• Nancy and Johanna Dacherty, two sisters, aged about ten and six years, captured at Conecocheague 19, and now in Kaschkaschkung.
  • Eve Isaacs, William Isaacs, and Catharine Isaacs. Eve is a widow, and has a child of about four years with her. Her husband was killed by the Indians. William is about fourteen or fifteen years of age, and Catharine about twelve. They are Germans. Eve and her child, together with Catharine, are in Kaschkaschkung; William in Moschkingo. They were captured on the South Branch.
  • Henry Seiffart, Elizabeth Seiffart, George Seiffart, Catharine Seiffart, and Maria Seiffart, brothers and sisters, Germans, captured about thirteen months ago, at Southport, in Virginia, are now at Kaschkaschkung and Moschkingo.
  • Betty Rogers, an unmarried woman, with five or six brothers and sisters, of whom the youngest is about four years old, captured three and a half years ago, on the South Branch.
  • Betty Frick, a girl about twenty-two years old, captured, three years ago, in Virginia, now in Kaschkaschkung.
  • Fanny Flardy, from Virginia, married to a Frenchman. Her daughter, seven or eight years old, is at Kaschkaschkung.
  • Anna Brielinger, 20 wife of a German smith from Schomoko, now at Kaschkaschkung.
  • Peter Lixe‘s 21 two sons, John and William, German children from Schomoko, now in Kitahohing.
  • An old Englishman, or Irishman, whose surname we do not know, but whose Christian name is Dan, a cooper, captured on the Susquehanna, now in Kaschkaschkung. His wife and children are said to be in this country.
  • Elizabeth, a young English woman, captured about a mile and a half from Justice Gulebret‘s [Galbraith] place, on the Swatara. Her child, which she took along, is dead. Her husband and other children are said to be living somewhere in this country. She is at Kaschkaschkung.
  • Marie Peck, a German woman, captured, two and a half years ago, in Maryland. Her husband and children are said to be living somewhere in this country.
  • Margaret Brown, a German single woman, captured on the South Branch, in Virginia, now in the country of the Oschaschi (Osage), a powerful nation, living, it is said, in a land where there is no timber.
  • Mary Ann Villars, from French Switzerland, a girl of fifteen years, was captured with Marie le Roy, has a brother and sister living near Lancaster.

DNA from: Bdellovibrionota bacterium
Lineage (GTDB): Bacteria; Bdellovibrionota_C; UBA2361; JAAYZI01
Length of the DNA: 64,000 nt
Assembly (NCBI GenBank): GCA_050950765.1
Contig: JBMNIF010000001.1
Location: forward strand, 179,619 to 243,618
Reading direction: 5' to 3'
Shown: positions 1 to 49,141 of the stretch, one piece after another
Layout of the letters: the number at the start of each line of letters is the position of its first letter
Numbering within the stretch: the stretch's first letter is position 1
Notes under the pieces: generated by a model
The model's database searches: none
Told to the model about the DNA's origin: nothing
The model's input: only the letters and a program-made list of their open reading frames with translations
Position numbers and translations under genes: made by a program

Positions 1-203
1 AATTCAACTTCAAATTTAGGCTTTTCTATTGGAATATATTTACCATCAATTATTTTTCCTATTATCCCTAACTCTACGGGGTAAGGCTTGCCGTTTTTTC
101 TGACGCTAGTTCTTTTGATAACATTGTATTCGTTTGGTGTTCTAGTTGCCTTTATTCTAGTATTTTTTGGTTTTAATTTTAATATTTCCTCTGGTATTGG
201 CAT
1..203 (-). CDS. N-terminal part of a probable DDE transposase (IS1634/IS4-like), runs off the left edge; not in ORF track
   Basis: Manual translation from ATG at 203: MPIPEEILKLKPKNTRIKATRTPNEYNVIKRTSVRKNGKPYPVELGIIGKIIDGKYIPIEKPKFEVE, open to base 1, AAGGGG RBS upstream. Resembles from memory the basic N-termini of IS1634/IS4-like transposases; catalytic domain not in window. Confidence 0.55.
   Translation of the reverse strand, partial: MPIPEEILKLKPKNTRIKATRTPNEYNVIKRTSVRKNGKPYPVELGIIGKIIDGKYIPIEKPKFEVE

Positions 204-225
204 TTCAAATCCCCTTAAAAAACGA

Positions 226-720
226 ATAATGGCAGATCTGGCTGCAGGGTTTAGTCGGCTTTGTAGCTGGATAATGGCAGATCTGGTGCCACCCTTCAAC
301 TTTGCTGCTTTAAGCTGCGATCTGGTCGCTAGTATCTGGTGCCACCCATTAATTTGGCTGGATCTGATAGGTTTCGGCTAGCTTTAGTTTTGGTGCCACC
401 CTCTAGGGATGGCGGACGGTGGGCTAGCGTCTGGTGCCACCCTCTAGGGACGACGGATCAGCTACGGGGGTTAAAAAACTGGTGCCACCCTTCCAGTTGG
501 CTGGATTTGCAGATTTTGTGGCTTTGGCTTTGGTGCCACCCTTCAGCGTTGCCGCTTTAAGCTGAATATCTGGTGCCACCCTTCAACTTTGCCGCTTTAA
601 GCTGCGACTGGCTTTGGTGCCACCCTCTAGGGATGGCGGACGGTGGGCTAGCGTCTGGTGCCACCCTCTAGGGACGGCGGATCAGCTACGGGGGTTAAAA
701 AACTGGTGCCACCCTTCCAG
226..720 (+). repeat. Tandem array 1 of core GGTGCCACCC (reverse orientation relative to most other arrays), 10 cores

• Sally Wood, a single woman, aged eighteen or nineteen years, captured in Virginia, three and a half years ago, now in Sackum.
  • Two young men, brothers, named Ixon, the one about twenty, the other about fifteen years old, at Kaschkaschkung. Their mother was sold to the French.
  • Mary Lory and James Lory, brother and sister, the first about fourteen, the second about twelve or thirteen years old, captured three years ago, at Fort Granville.
  • Mary Taylor, an English woman, captured at Fort Granville, together with a girl named Margaret.
  • Margaret, the girl captured with the foregoing.

“We became acquainted with many other captives, men, women, and children, in various Indian towns, but do not know, or cannot remember their names. We are, however, heartily willing to give to all such as have, or believe to have, connections among the Indians, any further information which may lie within our power. “We intend to go from here to Lancaster, where we may be easily found.

Collection: Indian Captivity Narratives. A collection of first hand Indian captivity narratives from a variety of sources. For a list of sources, please see title page.

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  1. Jean Jaques Le Roy came to Pennsylvania on the ship Phœnix, Capt. E. Horner, from Rotterdam via Cowes, Nov. 22, 1752. []
  2. Sebastian Leininger, aged 50, with his family, arrived Sept. 16, 1748, on the ship Patience, Capt. John Brown.[]
  3. John Conrad Leininger[]
  4. Chinklacamoose, the central point of the great ” Chinklacamoose Path,” on the present site of Clearfield.[]
  5. Punxsutawny, in Jefferson County.[]
  6. Kittanning, in Armstrong County, through which passed the great trail, by which the Indians of the West communicated with those of the Susquehanna country.[]
  7. In August of 1756, Col. John Armstrong fitted out his expedition at Fort Shirley. The Delaware war-chief, Capt. Jacobs, lived in the town.[]
  8. Saukunkt, 8 miles below Logstown.[]
  9. Christian Frederick Post, the Moravian missionary.[]
  10. Loyalhanna[]
  11. Logstown[]
  12. Muskingum[]
  13. This town lies on a river, in the South Branch of the Potomac.[]
  14. Alleghany[]
  15. Lieut. Samuel Miles, of the “Augusta Regiment,” Col. William Chapman.[]
  16. Lieut. Samuel J. Atlee.[]
  17. Hoeth, of Northampton County.[]
  18. Fort Granville, one mile west of Lewistown, on the Juniata.[]
  19. Franklin County[]
  20. Wife of Jacob Brielinger who lived on Penn’s Creek, below New Berlin, in Union County[]
  21. Peter Lick, of Penn’s Creek.[]